Callinan's exit could pose problems for Taoiseach
THE first anniversary of Garda Commissioner Martin Callinan's exit from office is fast approaching.
The actual anniversary of Mr Callinan's shock decision to retire as head of the gardai will be on March 25. But it came to mind again yesterday, as we pondered the findings of an opinion poll for the Sunday Independent which has effectively laid out the battle lines for the next general election.
If you stay with me, I will explain the potential Callinan link. But let's firstly deal with the implications of that Millward Brown poll for the Sunday Independent, which updated the previous survey findings just before Christmas.
In summary, Sinn Féin is the biggest party on 26pc and up five points; followed by Fine Gael on 25pc, up three; Labour have a one-point gain, but are stuck on 6pc; Fianna Fáil are up one but again stuck on 19pc; while Independents and others are down a whopping 10pc to 24pc.
That finding suggests that both the Taoiseach and the Sinn Féin leader are having their wishes fulfilled. Gerry Adams can frame his arguments about the potential for a better, more people-centred approach to economic management. The Taoiseach can argue for his role in putting the economy back on track and his "realistic plans" to drive on from there.
Overall, the finding suggests that the public mood is becoming more focused on government stability one year out from a general election.
Sinn Féin would appear to have gained most from the 10-point fall in support for Independents and others.
We can again ponder how Sinn Féin might be fixed with a leader other than Gerry Adams. But that is a pointless conversation topic on this side of the general election at any rate.
It is clear that the next election, even more than most such contests, will turn on the credibility of economic policies. Fine Gael have the advantage of incumbency and the ability to offer voters sweeteners in the form of tax reductions and increased payments.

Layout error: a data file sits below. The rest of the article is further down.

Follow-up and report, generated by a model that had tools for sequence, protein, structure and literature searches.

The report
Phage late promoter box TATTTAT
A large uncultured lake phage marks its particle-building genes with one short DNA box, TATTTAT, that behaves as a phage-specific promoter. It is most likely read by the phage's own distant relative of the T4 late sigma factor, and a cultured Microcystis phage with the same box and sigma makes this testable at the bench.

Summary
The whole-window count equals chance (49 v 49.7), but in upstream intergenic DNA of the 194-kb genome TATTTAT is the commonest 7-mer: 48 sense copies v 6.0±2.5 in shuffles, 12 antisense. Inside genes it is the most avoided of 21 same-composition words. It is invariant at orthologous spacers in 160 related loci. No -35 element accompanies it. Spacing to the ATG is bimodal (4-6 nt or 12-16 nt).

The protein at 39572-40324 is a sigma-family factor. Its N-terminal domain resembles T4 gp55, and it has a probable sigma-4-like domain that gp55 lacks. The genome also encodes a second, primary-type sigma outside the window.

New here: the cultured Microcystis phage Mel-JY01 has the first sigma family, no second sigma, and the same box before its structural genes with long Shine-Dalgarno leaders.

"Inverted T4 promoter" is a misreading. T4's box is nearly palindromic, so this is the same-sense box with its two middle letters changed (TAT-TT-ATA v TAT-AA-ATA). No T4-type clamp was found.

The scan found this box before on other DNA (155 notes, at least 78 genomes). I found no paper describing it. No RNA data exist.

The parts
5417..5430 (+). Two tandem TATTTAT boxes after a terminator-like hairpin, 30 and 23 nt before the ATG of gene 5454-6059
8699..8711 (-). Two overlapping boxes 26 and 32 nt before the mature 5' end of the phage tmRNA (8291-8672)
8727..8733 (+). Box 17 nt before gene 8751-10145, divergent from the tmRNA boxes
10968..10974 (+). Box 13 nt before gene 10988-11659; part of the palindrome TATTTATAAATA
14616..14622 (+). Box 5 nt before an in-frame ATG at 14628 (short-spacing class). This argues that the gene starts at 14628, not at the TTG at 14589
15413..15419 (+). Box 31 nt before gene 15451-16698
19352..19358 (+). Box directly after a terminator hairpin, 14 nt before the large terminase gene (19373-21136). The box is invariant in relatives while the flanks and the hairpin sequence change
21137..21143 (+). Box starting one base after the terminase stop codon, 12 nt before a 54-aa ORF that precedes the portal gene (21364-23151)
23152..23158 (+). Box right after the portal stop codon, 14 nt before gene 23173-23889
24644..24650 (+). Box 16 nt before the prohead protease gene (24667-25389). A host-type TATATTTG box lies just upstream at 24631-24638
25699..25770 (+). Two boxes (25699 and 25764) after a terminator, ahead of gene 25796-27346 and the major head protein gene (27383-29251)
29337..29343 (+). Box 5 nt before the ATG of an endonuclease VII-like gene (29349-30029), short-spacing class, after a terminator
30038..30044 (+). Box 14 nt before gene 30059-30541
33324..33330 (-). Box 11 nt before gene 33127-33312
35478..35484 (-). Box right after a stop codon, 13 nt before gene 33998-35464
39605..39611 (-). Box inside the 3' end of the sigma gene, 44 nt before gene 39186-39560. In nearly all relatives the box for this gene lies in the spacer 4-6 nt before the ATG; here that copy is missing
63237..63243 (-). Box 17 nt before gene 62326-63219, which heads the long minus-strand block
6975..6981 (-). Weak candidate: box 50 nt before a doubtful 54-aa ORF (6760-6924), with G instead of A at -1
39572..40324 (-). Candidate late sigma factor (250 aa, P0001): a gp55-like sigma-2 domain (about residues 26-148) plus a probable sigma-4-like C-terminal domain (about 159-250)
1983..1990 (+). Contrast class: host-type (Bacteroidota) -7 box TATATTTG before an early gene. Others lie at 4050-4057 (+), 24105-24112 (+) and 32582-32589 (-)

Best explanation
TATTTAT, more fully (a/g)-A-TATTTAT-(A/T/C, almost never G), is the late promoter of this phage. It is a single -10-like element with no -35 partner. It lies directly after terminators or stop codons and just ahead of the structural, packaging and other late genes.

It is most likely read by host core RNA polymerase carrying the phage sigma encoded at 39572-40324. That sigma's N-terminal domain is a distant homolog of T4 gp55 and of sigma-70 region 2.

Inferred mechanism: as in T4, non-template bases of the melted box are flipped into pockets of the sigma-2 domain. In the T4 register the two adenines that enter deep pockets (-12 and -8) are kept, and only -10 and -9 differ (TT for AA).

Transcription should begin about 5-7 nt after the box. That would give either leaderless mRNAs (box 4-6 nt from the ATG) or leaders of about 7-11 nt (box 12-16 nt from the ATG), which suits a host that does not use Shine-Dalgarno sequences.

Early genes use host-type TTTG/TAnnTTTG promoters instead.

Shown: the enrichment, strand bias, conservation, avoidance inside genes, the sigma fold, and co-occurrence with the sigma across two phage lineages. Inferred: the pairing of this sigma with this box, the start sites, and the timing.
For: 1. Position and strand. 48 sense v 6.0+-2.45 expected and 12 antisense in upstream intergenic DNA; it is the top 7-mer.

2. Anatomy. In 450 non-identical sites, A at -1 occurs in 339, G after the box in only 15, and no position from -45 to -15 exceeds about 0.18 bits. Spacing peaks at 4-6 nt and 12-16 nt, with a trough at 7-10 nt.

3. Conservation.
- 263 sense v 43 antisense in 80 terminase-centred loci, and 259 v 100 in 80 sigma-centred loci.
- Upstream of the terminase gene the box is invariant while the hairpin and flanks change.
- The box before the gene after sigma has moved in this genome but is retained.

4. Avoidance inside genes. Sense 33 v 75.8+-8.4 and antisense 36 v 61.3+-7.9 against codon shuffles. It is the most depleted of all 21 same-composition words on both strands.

Sinn Féin's extravagant promises will be closely assessed for "fantasy economics".
The role of independent assessors will be crucial. It remains to be seen whether anything comes of recent signals from Finance Minister Michael Noonan about an independent evaluation unit in the Oireachtas. But such a service could do an important job.
Labour remain in a bad place. But their fortunes are probably understated, as surveys do not take account of long-standing Labour politicians who have a big local following.
Fianna Fáil are also in a tricky spot and will struggle to make space in the current line-up. Their need to find a meaningful economic message is urgent.
But back with the main event, the advantage would seem to lie with the Taoiseach in the Kenny-versus-Adams contest. Mr Kenny has every chance of leading the largest party and being the go-to person to form the next government. Fine Gael's task is to keep going and avoid the unforced errors of 2014.
But that is the point where we come back to retirement of Commissioner Callinan 11 months ago.
That matter is now being investigated by retired Supreme Court Judge Nial Fennelly. The circumstances of Mr Callinan's exit from office form part of the investigation into 30 years of Garda tapes of phone conversations between suspects in custody and their lawyers.
The Commissioner's departure came the morning after Mr Kenny sent Justice Department secretary general, Brian Purcell, to Mr Callinan's home to tell of the seriousness with which disclosure of the Garda recordings was viewed within Cabinet. Mr Kenny has rejected Fianna Fáil claims that he had Mr Callinan "sacked" and he has given a statement to Mr Justice Fennelly which remains secret.
Judge Fennelly's findings on the Taoiseach's handling of this matter could prove tricky. The timing of any such findings could also carry some importance.